Posts Tagged ‘Cannon-Fodder’

Dini And The Wonderkids: A History Of Football Games

By Adam Smith on June 26th, 2014.

Certainly within the rules

FOOTBALL. It’s been on your telly for the last few weeks and it’s staying there for a few weeks more. FOOTBALL. Every supermarket is full of products adorned with the looming faces of men who kick balls for a living. FOOTBALL. It’s only gone and found its way onto RPS as well.

The World Cup comes but once every four years and it’s a time of celebration and eventual heartbreak for many, and numbing ennui for many more. In honour of the tournament so far, which has been refreshingly full of goals and only the occasional nil-nil draw or shoulder-chomp, I’ve written a brief but definitive history of football games.

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War Used To Be So Much Fun: Tiny Troopers

By Adam Smith on May 21st, 2012.

Tiny Troopers, which had previously been announced as a cleverphone game, will be bringing its Cannon Fodder inspired japes to PC and Mac later in the year. From Finnish studio Kukouri, the game adds mid-mission upgrades, inventory drops and specialists to the core of its spiritual forefather, which was, in the developers’ words: “commanding little soldiers that die easily on the battlefield and get promoted if they survive. That’s it.” Sounds about right to me. Hopefully the control system will be tailored to a non-touch interface and there will be a giant graveyard to contain all the Tiny Troopers who die under my command. As there’s no trailer for Tiny Troopers yet, below you shall find Cannon Fodder’s music video.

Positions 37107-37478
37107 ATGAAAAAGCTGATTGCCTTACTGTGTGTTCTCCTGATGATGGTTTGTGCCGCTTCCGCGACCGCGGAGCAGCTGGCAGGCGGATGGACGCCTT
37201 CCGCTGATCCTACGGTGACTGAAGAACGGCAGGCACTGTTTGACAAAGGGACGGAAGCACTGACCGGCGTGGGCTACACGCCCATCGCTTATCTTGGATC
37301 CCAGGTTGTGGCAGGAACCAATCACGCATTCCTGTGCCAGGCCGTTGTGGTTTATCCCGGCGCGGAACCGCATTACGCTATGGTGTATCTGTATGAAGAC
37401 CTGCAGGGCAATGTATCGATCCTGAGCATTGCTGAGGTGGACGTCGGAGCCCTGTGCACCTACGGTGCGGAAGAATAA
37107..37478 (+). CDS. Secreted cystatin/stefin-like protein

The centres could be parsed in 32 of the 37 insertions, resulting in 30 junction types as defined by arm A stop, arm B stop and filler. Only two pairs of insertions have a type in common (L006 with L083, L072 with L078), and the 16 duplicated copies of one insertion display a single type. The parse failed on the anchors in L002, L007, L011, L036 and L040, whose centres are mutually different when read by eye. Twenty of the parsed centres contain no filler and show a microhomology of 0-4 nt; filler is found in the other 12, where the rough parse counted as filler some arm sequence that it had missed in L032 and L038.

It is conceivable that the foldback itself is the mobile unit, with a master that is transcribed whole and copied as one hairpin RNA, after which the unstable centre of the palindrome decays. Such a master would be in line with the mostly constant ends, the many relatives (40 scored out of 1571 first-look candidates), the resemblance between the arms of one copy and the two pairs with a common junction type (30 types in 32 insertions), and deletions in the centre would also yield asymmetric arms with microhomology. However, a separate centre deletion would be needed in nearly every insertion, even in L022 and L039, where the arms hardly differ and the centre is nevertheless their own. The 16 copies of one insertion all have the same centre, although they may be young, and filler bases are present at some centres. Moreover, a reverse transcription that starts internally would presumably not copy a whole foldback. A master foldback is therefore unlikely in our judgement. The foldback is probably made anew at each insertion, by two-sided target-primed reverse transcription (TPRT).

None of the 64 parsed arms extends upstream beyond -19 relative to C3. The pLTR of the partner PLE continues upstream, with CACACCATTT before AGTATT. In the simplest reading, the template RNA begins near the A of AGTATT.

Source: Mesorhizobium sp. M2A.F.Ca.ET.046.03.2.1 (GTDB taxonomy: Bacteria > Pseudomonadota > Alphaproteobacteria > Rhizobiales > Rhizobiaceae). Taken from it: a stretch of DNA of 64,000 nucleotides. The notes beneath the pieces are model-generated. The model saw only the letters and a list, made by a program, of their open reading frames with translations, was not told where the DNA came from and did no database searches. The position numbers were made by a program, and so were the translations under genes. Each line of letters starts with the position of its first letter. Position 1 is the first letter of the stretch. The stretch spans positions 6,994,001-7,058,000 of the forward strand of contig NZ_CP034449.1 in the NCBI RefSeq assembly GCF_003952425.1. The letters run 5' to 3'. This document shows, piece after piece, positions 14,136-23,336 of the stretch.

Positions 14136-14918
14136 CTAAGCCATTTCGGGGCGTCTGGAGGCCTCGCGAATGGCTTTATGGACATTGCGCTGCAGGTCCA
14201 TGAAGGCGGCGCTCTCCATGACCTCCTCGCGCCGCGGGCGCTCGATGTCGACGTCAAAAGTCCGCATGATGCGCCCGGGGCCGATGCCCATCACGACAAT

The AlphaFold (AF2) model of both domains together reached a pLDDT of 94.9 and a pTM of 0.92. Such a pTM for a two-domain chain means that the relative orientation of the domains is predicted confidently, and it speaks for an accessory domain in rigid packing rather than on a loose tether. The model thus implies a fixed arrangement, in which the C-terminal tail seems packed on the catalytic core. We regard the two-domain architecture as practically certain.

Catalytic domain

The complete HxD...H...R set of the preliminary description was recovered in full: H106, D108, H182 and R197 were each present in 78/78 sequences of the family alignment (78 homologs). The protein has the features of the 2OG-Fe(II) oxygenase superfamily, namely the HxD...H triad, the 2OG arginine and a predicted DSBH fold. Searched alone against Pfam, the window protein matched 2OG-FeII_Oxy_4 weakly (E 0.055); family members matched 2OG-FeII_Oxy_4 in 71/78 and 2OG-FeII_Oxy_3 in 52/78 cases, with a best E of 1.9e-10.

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Retrospective: Cannon Fodder

By Kieron Gillen on November 11th, 2007.

Cannon Fodder.

I still remember a pub-based conversation around the time of its release. It involved the relative merits of Syndicate with Cannon Fodder. We loved them both, clearly. Everyone loved them both. But were we to call, we preferred Syndicate. But perversely, everyone also agreed that in the terms we were used to thinking of, Cannon Fodder was the better game. They’re an unusual pair, you see. Despite the fact they shared a central mechanic – that is, they were both mouse-driven shooters where you controlled a small group of soldiers going about their missions – and came out within a similar time-frame, I don’t recall any direct comparisons in the press. The only reason I can think of is that they felt so radically different.

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